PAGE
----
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... Jurists themselves know all too well that contracts cannot account for the diversity of actual practice, and they have developed ideas much subtler than the monolithic concept of property that organization scholars borrow from them (e.g. Epstein, 1978;Honoré, 1993;Underkuffler, 1990). For instance, Rose (2015, p. 60) recognizes that owners must also rely on physical assistance to exercise their rights, for instance to 'exclude others with the help of neighbours and legal officers.' ...
... The possessive relations to which people participate define them. This is true for legal property, which delimits the sphere of the proper, the personal, in opposition to outside infringement (Underkuffler, 1990), but also of other forms of possession. I have a job, a task, a department, an idea, but also friends, a gender and so forth, and the things I have participate to what I am. ...
Property is pervasive, and yet we organization scholars rarely discuss it. When we do, we think of it as a black-boxed concept to explain other phenomena, rather than studying it in its own right. This may be because organization scholars tend to limit their understanding of property to its legal definition, and emphasize control and exclusion as its defining criteria. This essay wishes to crack open the black box of property and explore the many ways in which possessive relations are established. They are achieved through work, take place as we make sense of signs, are invoked into existence in our speech acts, and travel along sociomaterial networks. Through a fictionalized account of a photographic exhibition, we show that property overflows its usual legal-economic definition. Building on the case of the photographic exhibit, we show that recognizing the diversity of property changes our rapport with organization studies as a field, by unifying its approaches to the individual-vs.-collective dilemma. We conclude by noting that if theories can make a difference, then whoever controls the assignment of property – including academics who ascribe properties to their objects of study – decides not only who has or who owns what, but also who or what that person or thing can be.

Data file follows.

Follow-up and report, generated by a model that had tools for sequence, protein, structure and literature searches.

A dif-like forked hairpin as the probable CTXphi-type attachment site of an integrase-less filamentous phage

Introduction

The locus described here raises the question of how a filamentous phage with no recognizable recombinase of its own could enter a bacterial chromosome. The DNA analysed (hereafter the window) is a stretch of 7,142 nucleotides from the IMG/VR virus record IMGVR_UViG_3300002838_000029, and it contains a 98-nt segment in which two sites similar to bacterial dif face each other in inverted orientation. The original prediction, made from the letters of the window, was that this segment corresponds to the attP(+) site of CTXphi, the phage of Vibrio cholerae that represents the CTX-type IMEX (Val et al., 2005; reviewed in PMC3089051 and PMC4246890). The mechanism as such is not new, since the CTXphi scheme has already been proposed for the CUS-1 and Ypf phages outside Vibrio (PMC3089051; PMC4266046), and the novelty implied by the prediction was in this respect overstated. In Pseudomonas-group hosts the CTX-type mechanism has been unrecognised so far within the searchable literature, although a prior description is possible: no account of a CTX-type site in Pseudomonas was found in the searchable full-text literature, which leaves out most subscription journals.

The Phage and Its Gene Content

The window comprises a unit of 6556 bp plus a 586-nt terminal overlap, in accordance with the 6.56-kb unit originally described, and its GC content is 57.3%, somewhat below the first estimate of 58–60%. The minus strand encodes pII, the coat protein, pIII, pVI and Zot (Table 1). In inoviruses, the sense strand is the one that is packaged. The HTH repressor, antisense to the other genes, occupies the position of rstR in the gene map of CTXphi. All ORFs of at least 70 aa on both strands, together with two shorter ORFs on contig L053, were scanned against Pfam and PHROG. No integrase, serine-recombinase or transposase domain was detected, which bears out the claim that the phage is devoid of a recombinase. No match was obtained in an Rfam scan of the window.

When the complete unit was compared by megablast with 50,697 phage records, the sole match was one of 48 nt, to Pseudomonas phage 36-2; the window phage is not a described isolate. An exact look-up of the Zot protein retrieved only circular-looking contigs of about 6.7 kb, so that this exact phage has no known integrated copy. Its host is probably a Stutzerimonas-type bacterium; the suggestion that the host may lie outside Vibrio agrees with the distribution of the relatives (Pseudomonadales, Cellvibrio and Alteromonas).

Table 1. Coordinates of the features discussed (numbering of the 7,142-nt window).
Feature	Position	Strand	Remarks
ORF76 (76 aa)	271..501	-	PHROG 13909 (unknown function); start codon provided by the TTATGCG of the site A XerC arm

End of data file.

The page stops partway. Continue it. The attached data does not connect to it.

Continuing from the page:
... Contemporary scholars, especially those of the Critical Legal Studies movement, who became known as the property as social relations school, have extensively developed and expanded the early realist work on property: see (Macpherson 1975(Macpherson , 104, 1978aNedelsky 1989Nedelsky , 1990Nedelsky , 1993Kennedy 1991;Singer 1982Singer , 1988Singer , 1991Singer , 1992Singer , 2000aSinger , b, 2005Singer and Beermann 1993;Rose 1994;Baker 1986;Underkuffler 1990Underkuffler , 2003. 9 Joseph William Singer, the modern exemplar of social relations, offers this succinct summary: '[p]roperty concerns legal relations among people regarding control and disposition of valued resources. ...
The dominant modern conception of private property has been and is liberal. Liberalism concerns itself with promoting and protecting freedom of choice for the individual—natural or legal—and groups of them. Private property is liberalism’s vehicle for achieving that objective—conferring choice—in the allocation and control of goods and resources—natural or manufactured, tangible or intangible—among individuals. Yet the last 35 years, and longer, depending on how one understands the scholarship, stand witness to an explosion of property theory literature, much of it focusing upon what has come to be known as property as social relations or the progressive property movement. This ‘social shift’ recognises the importance of community interests in understanding both the concept of property and its invocation in real world legal systems. To a great extent, then, and depending upon how one looks at it, the property as social relations or progressive property view seems either an entirely American phenomenon or, whatever the phenomenon might be, it has been appropriated by American theorists. Seldom in this modern theorising, however, do we see mentioned the name of Léon Duguit. Yet, in the sixth of a series of lectures given in 1911 in Buenos Aires, Duguit coined the now axiomatic French phrase ‘propriété function sociale’ or the social function of property, meaning that rather than a right, property is a social function. And while the social function of property has come to have an importance, not only in France, but also in the civil law tradition itself, and while this notion has had wide, if un-attributed and seldom regarded, influence in the common law tradition and theory of property, Duguit’s lecture has rarely been translated into English into English and even more infrequently adverted to by the property as social relations/progressive property movements.
... Comprehensive liberalism holds that the liberal state should enhance the good life of its citizens. In recent decades, comprehensive liberalism has been dominated by the view that autonomy is a constituent element of the good For a similar approach, see Underkuffler 1990;Singer 2006;Dagan 2007Dagan , 1259Dagan 2011, 44-45. In Property and Human Flourishing Alexander supplements his social obligation theory of property with the ideal of human flourishing. ...
American rights discourse makes it difficult to generate responsibilities for the well-being of the communities within which human personhood is formed. Gregory S. Alexander’s Property and Human Flourishing (2018) focuses on the obligations that property owners owe to the communities in which they are embedded. Drawing on a communitarian ontology—as opposed to atomist ontology—and writing in the spirit of Aristotle, John Stuart Mill, and thinkers of the liberalism of flourishing, Alexander endorses human flourishing as the central ideal of the good life, and argues that ownership of property is justified insofar as it facilitates the opportunity of persons to live flourishing lives.